Photo by Rick Gush
It’s officially cyclamen season here, and there are thousands of the things planted around Rapallo these days. Lots of people that live in apartments put cyclamen on their terraces and the local municipalities are big cyclamen users. Rapallo is a bit like Disneyland in that there are flower beds all over the place.
The city has a nice big nursery and greenhouse complex where they grow potted rhododendrons and azaleas and other flowering plants. They change the city flower beds perhaps three or four times a year and generally do a really good job of keeping the beds tidy. That’s a bit surprising because, in general, Italians aren’t big on maintenance and upkeep. There’s a saying that “Italy is falling apart beautifully” — and they’re not just talking about the ancient ruins.
So who knows how to explain this Italian mania for municipal flower beds? In the past two weeks, the city gardeners have planted thousands of red cyclamens around town. The gardeners will clean off the old blooms every once in a while, and the plants will bloom all winter long, no matter how cold it gets. The cyclamen will last until spring, when they’ll be uprooted to make way for the spring plantings.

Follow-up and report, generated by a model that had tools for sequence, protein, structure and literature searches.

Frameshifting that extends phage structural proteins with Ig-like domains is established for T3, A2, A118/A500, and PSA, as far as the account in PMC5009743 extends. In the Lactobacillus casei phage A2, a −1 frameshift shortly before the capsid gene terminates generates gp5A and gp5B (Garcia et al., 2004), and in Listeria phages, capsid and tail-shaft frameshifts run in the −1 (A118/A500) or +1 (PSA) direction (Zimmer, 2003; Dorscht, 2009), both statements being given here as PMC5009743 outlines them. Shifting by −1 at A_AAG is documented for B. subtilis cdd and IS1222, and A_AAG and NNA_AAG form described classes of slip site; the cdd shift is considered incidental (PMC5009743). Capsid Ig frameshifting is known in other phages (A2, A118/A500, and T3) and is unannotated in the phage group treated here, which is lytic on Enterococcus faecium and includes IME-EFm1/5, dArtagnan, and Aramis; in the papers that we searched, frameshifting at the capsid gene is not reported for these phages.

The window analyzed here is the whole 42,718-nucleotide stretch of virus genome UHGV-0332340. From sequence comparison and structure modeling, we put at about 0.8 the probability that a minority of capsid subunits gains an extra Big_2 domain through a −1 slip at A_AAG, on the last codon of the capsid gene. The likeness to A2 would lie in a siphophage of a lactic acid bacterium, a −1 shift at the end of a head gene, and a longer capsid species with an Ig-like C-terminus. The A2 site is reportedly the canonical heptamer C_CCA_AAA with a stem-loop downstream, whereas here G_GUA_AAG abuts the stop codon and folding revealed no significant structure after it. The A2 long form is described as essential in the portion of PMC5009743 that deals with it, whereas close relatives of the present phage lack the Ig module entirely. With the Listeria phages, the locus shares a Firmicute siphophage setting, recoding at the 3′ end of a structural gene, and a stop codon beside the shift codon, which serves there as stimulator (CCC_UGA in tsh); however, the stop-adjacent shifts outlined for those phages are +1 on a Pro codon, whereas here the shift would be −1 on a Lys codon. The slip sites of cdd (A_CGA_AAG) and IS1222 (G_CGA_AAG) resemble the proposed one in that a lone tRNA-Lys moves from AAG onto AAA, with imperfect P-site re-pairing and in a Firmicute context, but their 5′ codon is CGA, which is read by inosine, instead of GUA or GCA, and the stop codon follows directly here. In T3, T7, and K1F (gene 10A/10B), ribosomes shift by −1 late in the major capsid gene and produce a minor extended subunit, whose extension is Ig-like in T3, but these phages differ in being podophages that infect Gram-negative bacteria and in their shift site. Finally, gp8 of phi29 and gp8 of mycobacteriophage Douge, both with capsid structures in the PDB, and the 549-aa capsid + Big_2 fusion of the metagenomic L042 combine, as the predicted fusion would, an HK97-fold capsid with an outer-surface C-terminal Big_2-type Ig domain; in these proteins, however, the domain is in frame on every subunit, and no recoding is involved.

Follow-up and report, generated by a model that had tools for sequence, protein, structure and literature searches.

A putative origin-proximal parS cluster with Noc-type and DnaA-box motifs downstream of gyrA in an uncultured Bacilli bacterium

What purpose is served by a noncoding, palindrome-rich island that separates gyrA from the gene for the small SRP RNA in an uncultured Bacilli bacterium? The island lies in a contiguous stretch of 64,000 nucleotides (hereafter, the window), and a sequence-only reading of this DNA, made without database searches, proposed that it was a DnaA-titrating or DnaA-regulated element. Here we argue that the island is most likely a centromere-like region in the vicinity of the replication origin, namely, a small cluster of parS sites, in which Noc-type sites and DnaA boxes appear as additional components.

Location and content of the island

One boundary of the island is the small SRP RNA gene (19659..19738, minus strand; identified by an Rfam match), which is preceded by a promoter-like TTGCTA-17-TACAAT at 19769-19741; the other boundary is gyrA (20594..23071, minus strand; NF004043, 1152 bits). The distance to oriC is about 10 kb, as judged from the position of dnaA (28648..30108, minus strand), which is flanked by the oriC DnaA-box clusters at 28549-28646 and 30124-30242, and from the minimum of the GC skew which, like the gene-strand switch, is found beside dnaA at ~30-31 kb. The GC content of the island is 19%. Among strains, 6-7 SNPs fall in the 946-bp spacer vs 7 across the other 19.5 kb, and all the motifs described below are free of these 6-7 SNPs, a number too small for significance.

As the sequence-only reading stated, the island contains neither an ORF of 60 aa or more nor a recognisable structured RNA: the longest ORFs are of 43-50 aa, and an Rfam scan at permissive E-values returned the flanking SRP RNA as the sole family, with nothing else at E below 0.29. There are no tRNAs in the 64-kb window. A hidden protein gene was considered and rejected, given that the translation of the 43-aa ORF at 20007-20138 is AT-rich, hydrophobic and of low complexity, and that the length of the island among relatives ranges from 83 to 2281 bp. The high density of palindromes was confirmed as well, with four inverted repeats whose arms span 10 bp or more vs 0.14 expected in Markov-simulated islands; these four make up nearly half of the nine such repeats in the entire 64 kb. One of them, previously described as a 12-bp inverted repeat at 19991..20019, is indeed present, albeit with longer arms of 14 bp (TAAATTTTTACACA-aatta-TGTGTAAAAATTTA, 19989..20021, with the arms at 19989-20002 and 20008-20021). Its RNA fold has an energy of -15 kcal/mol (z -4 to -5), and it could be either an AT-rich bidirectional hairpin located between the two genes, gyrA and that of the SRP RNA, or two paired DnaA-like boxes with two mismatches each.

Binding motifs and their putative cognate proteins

Although Rapallo has gone big into red cyclamen this year, some of the other cities use the white, pink and purple cyclamen, as well. All of these cyclamen varieties are grown specifically for greenhouses; the plants will come back reasonably well in the following years if stored in the shade during the summer.
Most people don’t bother digging up and moving the bulbs. They just throw the old plants away when the weather gets warm. I’ve always thought that was wasteful, but the plants I’ve rescued from the garbage haven’t ever grown nearly as well in the second year, so I’ve stopped. (Well, mostly. I do have one pair of plants that the neighbors were dumping last year, and each has five or six flowers.)
I only have one regular cyclamen in the garden, but I do have a bunch of the small, wild, lilac-colored cyclamen. We collected the bulbs on our vacations in Corsica and Elba, and they are now happily growing in a half-shady part the garden. I’m not usually too keen on digging up wild plants, but where we collected there were so many thousands of the bulbs that I don’t think we had a negative impact on the colony.